Two vMX appliances in Azure - two BGP peers with Azure Route Server

SOLVED
cvwordragen
Here to help

Two vMX appliances in Azure - two BGP peers with Azure Route Server

Does anyone have experience with Active/Active BGP Peering for two vMX devices in Azure?

I am able to create one BGP peer between an Azure Route Server and one vMX.
But not two BGP peers for active/active and redundancy.

Short description:
vMX1 <-> peer1 <-> Azure Route Server (ARS)
vMX2 <-> peer2 <-> Azure Route Server (ARS)

The problem I'm running into.
The Azure Route Server has a /27 subnet, for example 10.0.0.0/27
In order for routing from Meraki SD-WAN to succeed, this prefix must be added as a local prefix on both vMX devices.
And so the SD-WAN/AutoVPN recognizes two routes to the same IP prefix, but only one is used.
In the Azure VM at virtual interface, Effective Routes, there is only one route to one of the vMX devices.
But there should be two in the routing table to work as ECMP (Equal Cost Multipath)

1 ACCEPTED SOLUTION
MartinLL
Getting noticed

Coming in late here, but hopefully this will be of help to someone who reads this in 2023 🙂

I'm not sure why you are only looking at the AzureRouteServer subnet prefix. For eBGP to work, this does indeed need to be added as a local prefix on both devices. But other than that, it is only used for eBGP messaging between the vMX and Azure route server (ARS).

 

Meraki vMX appends its own BGP AS number to routes it learns from auto-vpn sites based on the hub priority configuration on the spokes. Both prefixes are advertised to ARS, but only the best one is used. This is the default eBGP behavior, and ARS does not allow you to change it.

The way I do it for my larger deployments is to create two templates, one where VMX1 has the higher priority and another where VMX2 has the higher priority, then load balance between the two templates. If you start doing this, you will see multiple prefixes with different next-hops in Azure.

 

As for routes learned by the VMX from ARS, the eBGP route learned from ARS is always preferred by each VMX, meaning that if traffic arrives on VMX2, it will go directly to Azure and not through VMX1. Only if you delete the eBGP peering from VMX2 to ARS will the traffic start flowing through VMX1 due to the Azure routes being learned via IBGP.

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3 REPLIES 3
Inderdeep
Kind of a big deal
Kind of a big deal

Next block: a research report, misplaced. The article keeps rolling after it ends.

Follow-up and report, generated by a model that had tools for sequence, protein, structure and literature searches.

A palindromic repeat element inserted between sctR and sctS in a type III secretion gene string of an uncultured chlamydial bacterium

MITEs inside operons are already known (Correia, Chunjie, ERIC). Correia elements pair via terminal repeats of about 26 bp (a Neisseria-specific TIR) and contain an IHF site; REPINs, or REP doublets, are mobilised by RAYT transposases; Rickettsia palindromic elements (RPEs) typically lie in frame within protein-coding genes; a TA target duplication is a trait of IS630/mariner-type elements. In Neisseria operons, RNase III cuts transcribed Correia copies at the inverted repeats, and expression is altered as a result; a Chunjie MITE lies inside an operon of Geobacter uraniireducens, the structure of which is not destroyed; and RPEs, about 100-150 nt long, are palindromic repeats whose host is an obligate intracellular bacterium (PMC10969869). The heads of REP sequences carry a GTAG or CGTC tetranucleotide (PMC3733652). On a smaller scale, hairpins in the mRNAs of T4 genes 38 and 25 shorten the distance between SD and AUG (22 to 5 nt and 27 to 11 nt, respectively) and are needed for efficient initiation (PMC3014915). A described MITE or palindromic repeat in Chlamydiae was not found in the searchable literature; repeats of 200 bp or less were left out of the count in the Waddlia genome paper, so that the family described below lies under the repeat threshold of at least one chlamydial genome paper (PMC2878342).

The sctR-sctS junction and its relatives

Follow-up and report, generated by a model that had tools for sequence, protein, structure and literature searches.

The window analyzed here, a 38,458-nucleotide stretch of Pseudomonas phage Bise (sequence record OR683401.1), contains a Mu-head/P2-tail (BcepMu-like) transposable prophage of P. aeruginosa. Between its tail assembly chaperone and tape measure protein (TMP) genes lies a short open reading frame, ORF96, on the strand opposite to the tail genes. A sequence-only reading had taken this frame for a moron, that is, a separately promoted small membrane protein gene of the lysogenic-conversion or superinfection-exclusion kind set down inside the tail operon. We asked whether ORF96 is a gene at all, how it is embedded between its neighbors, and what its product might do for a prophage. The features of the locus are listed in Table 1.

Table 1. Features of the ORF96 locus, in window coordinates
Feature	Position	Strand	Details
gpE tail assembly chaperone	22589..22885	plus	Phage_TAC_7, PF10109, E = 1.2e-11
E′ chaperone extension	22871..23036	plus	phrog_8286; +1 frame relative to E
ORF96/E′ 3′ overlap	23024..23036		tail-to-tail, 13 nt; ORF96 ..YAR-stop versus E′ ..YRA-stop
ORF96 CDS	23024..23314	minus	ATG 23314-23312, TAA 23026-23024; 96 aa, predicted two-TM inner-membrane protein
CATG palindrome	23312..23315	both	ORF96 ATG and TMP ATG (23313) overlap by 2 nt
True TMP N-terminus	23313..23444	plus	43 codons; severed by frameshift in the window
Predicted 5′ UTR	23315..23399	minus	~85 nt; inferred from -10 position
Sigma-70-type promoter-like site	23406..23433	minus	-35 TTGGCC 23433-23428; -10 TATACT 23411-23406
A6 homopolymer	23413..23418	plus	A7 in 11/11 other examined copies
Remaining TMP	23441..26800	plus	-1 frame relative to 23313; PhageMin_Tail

@cvwordragen : Check this thread 

https://community.meraki.com/t5/Security-SD-WAN/BGP-in-my-Azure-Data-Center/m-p/139692#M35282 

Regards/Inder
Cisco IT Blogs awarded in 2020 & 2021
www.thenetworkdna.com
MartinLL
Getting noticed

Coming in late here, but hopefully this will be of help to someone who reads this in 2023 🙂

I'm not sure why you are only looking at the AzureRouteServer subnet prefix. For eBGP to work, this does indeed need to be added as a local prefix on both devices. But other than that, it is only used for eBGP messaging between the vMX and Azure route server (ARS).

 

Meraki vMX appends its own BGP AS number to routes it learns from auto-vpn sites based on the hub priority configuration on the spokes. Both prefixes are advertised to ARS, but only the best one is used. This is the default eBGP behavior, and ARS does not allow you to change it.

The way I do it for my larger deployments is to create two templates, one where VMX1 has the higher priority and another where VMX2 has the higher priority, then load balance between the two templates. If you start doing this, you will see multiple prefixes with different next-hops in Azure.

 

As for routes learned by the VMX from ARS, the eBGP route learned from ARS is always preferred by each VMX, meaning that if traffic arrives on VMX2, it will go directly to Azure and not through VMX1. Only if you delete the eBGP peering from VMX2 to ARS will the traffic start flowing through VMX1 due to the Azure routes being learned via IBGP.

cvwordragen
Here to help

As an alternative, I have been using the Azure Virtual Hub with BGP Peering lately. The Virtual Hub behaves more predictably.

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